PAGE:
Examples and Forms

Simple Copyright Release Form

This Copyright Release Form is intended for campus projects in which copyrightable content (by students, community partners, or other collaborators) is incorporated into ongoing or future scholarship or will otherwise be made publicly available. This form does NOT apply to situations where people are performing or speaking live, as live performance is not copyrightable content.

Example use: Students create written or visual material that will be part of a digital collection. Each student would sign a release form, and the faculty member or other project leader would maintain these signed releases with the project documentation.

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While this simple release is binding for anyone over 18, there may be times when it would be better to enter into an actual contract, signed by both parties. Contact the Copyright Group (copyright_group@lists.carleton.edu) to talk through your needs, and we can help you determine if a contract is advisable and direct you to resources.


 

Copyright Release for Streaming Media

This Release for Streaming Media is intended for those times when Carleton faculty or staff need to convert and host video or audio for online streaming. This is intended for course-related streaming only and prohibits public display, even on campus.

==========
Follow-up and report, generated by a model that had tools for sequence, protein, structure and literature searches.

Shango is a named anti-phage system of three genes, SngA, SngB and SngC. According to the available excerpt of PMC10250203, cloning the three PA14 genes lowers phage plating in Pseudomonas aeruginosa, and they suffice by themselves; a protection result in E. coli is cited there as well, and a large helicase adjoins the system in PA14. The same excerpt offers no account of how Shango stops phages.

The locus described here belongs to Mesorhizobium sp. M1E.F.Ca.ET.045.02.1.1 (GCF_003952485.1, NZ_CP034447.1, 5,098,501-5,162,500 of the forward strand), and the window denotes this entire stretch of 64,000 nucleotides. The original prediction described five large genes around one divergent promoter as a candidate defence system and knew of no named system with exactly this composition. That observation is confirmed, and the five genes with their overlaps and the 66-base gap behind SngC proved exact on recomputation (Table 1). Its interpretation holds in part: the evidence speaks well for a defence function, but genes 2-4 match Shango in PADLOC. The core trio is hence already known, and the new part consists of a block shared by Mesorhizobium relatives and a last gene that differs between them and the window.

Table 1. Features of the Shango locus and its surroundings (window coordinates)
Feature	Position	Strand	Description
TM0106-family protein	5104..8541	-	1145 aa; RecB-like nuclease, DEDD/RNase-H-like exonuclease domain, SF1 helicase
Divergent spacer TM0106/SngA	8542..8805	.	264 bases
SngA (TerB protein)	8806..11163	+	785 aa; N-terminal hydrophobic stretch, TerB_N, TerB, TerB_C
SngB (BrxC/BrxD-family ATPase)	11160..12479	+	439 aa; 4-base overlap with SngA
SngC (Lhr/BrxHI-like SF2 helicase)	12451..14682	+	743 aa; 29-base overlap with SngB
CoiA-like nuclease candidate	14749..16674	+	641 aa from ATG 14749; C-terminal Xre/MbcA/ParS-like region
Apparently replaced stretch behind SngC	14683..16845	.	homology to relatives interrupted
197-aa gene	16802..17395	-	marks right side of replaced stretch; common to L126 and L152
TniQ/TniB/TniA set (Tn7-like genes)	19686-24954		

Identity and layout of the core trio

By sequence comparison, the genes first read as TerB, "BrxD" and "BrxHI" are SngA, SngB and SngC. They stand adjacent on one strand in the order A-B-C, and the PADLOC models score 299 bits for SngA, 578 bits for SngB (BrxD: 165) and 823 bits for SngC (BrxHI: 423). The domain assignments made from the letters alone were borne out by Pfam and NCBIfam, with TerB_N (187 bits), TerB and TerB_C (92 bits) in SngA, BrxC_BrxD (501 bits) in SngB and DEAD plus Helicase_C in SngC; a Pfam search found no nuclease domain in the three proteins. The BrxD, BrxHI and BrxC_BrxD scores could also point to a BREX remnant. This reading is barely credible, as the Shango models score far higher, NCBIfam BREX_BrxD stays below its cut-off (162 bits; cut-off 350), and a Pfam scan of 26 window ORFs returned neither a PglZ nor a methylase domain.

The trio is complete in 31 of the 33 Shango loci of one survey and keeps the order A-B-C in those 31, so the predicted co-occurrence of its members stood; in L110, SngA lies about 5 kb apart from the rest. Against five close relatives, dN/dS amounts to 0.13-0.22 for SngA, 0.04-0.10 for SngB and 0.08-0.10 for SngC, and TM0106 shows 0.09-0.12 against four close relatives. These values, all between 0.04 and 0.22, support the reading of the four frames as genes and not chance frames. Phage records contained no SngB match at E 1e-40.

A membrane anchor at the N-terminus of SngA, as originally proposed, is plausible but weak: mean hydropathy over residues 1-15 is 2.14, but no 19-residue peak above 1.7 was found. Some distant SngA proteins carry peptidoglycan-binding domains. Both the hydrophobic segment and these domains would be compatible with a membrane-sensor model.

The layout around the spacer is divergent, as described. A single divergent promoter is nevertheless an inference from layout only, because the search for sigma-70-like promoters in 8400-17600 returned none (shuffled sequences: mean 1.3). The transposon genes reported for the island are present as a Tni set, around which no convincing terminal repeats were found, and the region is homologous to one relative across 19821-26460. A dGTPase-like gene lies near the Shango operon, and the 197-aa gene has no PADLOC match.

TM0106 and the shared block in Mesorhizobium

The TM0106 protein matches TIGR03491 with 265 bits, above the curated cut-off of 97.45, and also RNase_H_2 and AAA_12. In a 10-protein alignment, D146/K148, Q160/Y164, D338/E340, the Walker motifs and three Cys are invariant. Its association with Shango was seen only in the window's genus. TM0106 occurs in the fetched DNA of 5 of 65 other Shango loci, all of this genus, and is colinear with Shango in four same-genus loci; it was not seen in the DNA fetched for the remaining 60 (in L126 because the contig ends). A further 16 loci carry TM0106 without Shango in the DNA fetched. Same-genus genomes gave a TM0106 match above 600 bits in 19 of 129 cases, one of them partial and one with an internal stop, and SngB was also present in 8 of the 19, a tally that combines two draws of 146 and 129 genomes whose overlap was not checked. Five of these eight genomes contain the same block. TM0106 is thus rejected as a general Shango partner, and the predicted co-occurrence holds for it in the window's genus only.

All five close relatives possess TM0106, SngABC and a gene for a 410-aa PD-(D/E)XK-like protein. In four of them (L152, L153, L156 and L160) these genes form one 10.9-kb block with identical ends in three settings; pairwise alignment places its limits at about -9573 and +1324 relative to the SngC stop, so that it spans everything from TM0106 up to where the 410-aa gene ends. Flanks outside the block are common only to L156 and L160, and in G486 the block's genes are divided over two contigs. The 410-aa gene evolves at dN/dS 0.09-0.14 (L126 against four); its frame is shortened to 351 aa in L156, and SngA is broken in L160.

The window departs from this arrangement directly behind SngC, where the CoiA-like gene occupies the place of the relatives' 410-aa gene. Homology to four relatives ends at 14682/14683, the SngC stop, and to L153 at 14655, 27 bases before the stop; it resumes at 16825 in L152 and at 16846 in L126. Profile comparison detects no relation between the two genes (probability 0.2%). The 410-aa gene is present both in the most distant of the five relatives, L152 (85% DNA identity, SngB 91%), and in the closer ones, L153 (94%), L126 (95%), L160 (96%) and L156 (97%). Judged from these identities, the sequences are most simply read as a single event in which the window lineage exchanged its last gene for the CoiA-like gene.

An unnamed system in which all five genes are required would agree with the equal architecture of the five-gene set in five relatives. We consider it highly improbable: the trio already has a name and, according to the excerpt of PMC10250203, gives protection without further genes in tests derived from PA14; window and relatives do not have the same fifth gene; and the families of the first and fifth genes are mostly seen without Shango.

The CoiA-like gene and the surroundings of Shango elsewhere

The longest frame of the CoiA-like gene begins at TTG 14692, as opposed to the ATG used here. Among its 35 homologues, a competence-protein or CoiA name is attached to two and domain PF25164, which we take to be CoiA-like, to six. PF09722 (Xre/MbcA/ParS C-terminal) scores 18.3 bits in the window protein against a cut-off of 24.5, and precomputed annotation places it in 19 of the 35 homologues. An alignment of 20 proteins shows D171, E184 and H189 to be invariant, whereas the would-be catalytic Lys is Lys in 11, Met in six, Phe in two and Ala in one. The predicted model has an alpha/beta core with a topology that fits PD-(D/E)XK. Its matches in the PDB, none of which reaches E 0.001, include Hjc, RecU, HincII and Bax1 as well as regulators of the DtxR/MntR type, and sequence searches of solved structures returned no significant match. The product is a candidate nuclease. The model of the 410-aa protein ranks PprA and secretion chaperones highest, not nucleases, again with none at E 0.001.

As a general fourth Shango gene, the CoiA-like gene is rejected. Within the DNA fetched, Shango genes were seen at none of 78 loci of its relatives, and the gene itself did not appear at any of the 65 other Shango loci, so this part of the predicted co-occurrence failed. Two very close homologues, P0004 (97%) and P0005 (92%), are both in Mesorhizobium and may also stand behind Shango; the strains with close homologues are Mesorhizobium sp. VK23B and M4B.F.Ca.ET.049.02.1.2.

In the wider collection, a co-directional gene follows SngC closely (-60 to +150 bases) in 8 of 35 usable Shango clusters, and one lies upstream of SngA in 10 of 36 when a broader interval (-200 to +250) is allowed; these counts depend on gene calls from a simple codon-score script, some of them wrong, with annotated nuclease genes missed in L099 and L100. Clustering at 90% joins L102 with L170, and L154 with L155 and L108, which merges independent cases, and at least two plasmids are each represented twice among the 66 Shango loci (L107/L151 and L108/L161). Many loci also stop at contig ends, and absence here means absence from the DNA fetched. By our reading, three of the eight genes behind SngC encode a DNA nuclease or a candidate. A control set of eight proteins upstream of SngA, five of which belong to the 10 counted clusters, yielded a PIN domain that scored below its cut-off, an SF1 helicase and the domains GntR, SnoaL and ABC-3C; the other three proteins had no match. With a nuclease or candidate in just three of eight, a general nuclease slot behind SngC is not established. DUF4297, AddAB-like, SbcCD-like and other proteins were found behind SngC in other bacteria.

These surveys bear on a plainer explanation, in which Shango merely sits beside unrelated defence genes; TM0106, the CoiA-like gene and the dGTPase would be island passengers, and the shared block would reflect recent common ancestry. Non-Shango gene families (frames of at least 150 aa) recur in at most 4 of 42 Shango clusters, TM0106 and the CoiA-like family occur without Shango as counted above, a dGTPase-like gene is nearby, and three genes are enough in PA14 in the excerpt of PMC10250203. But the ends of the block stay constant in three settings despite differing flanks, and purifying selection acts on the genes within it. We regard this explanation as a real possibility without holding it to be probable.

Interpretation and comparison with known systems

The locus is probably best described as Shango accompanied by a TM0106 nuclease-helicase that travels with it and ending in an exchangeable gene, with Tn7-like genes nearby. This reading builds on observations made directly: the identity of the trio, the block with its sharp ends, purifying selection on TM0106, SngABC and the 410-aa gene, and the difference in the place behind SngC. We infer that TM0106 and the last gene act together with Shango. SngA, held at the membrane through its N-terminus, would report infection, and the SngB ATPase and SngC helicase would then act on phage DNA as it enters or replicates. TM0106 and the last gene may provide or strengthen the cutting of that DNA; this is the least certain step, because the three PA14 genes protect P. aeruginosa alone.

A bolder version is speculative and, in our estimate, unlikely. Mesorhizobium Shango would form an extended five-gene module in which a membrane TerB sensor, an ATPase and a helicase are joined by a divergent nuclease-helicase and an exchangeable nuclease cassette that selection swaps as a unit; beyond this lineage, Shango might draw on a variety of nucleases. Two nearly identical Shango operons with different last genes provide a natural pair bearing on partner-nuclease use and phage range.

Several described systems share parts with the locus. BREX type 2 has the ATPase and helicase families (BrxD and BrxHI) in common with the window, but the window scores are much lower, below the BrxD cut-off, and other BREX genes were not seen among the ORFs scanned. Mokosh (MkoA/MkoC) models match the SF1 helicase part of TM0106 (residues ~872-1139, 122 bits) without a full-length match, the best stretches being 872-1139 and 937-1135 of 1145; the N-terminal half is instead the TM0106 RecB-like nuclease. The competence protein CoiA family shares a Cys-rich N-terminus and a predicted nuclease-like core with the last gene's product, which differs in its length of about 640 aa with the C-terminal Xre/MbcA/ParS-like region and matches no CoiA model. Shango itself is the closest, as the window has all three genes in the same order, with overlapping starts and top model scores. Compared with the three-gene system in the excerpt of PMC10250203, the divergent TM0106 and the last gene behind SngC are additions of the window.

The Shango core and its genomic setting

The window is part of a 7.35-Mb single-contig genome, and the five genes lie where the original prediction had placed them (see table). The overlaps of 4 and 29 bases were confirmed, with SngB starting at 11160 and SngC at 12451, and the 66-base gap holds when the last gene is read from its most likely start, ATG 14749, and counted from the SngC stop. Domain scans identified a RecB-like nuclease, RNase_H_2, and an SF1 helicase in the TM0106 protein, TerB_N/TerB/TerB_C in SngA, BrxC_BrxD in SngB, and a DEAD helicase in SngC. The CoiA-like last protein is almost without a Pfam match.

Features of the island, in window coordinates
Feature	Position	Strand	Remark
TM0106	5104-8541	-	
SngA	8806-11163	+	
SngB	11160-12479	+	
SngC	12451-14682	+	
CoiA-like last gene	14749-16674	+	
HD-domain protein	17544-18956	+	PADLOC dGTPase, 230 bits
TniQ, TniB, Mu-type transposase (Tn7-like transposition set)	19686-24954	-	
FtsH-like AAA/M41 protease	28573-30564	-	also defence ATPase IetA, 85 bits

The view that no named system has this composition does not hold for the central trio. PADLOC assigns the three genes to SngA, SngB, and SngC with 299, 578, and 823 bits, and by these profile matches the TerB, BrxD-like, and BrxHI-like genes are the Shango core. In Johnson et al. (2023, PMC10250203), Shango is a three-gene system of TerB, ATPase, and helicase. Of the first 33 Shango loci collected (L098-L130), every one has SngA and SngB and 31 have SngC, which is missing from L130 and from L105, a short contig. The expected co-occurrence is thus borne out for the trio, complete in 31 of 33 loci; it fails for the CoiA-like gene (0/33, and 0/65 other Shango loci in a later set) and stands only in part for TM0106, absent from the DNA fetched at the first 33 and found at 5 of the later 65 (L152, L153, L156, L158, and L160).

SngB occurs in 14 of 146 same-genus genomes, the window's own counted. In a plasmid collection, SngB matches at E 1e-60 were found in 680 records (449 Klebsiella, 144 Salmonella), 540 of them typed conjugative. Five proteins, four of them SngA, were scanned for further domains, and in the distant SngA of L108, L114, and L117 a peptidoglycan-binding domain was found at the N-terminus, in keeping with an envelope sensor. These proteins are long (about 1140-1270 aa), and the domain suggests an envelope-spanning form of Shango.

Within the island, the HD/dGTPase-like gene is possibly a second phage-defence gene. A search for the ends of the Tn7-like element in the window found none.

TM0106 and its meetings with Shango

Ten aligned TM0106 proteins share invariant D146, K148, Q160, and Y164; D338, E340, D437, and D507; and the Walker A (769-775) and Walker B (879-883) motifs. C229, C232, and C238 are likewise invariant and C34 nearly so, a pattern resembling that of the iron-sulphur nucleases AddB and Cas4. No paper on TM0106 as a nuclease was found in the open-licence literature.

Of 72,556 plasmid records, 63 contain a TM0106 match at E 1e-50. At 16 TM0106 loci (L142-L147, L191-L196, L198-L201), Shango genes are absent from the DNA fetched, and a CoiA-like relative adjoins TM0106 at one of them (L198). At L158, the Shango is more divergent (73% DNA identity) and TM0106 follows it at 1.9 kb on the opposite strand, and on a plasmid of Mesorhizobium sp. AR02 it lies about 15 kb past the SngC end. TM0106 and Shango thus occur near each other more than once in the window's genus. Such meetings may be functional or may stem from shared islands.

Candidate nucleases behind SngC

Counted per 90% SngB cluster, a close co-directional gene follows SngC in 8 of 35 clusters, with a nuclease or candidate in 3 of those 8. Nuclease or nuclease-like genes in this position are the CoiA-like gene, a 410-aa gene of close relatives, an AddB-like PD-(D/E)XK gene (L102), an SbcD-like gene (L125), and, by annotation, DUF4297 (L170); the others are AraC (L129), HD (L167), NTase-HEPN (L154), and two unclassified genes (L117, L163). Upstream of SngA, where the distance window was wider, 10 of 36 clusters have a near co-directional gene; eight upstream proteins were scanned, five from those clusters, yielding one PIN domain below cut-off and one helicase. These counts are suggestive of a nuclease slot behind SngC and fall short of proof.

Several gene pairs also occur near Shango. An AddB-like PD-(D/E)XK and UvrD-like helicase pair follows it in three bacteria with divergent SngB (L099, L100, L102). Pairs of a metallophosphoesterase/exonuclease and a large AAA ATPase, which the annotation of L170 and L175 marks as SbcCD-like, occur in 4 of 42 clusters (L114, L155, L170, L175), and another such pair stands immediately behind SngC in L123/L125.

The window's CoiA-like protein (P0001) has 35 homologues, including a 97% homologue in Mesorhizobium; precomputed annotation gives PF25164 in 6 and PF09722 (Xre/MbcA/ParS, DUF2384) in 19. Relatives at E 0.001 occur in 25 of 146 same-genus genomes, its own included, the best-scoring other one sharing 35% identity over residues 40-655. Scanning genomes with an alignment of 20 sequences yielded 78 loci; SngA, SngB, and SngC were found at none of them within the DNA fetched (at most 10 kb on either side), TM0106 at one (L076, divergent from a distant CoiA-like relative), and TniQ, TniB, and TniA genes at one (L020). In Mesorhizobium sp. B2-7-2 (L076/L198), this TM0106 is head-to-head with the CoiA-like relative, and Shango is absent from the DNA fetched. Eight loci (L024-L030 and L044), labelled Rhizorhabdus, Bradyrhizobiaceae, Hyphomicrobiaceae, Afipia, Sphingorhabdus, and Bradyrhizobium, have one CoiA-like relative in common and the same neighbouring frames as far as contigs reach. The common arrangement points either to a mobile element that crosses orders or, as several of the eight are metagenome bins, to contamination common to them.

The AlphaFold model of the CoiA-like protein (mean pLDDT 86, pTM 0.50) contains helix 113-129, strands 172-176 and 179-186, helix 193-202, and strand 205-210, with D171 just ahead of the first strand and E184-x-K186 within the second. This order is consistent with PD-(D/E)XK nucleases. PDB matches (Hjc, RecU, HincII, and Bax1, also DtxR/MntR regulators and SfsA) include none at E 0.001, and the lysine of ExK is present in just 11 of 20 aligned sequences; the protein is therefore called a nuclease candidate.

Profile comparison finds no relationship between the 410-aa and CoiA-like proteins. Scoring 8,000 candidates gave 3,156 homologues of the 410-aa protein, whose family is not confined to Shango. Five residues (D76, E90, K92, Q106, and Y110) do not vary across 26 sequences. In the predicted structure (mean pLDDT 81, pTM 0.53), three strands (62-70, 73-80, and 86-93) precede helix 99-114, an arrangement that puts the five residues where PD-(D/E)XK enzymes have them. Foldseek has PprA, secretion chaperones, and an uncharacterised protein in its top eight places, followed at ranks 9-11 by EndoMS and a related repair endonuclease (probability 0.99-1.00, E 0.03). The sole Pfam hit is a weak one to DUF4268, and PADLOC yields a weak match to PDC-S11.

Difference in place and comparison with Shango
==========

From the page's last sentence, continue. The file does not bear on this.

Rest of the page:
Example use:  A film maker grants permission for her documentary to be shown to a class, and the faculty member hopes to provide online streaming access for students enrolled in that course. The faculty member would have the film maker sign this form. Both parties would keep signed copies for their records.

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Example Letter Requesting Copyright Permissions

If the work you want to use is formally published, generally the publisher either holds the copyright or knows who does, so contacting the publisher is a good first step. Look on the publisher's website to see if there is guidance or a request form there for you to use. If not, or if you are requesting permission from an individual, here is an example letter you can use as a guide.

Be sure to ask permissions for all anticipated uses you plan to make of a work, but be prepared to be flexible if the copyright owner stipulates restrictions on use of the materials. And always keep copies of any correspondence you send or receive as part of your permanent files.

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(This template letter is free to use in any way you wish - we claim no copyright ownership)

Many more examples are included in the books Copyright Law for Librarians and Educators and Getting Permission: How to License & Clear Copyrighted Materials, both of which are available in the Gould Library reference collection (4th floor).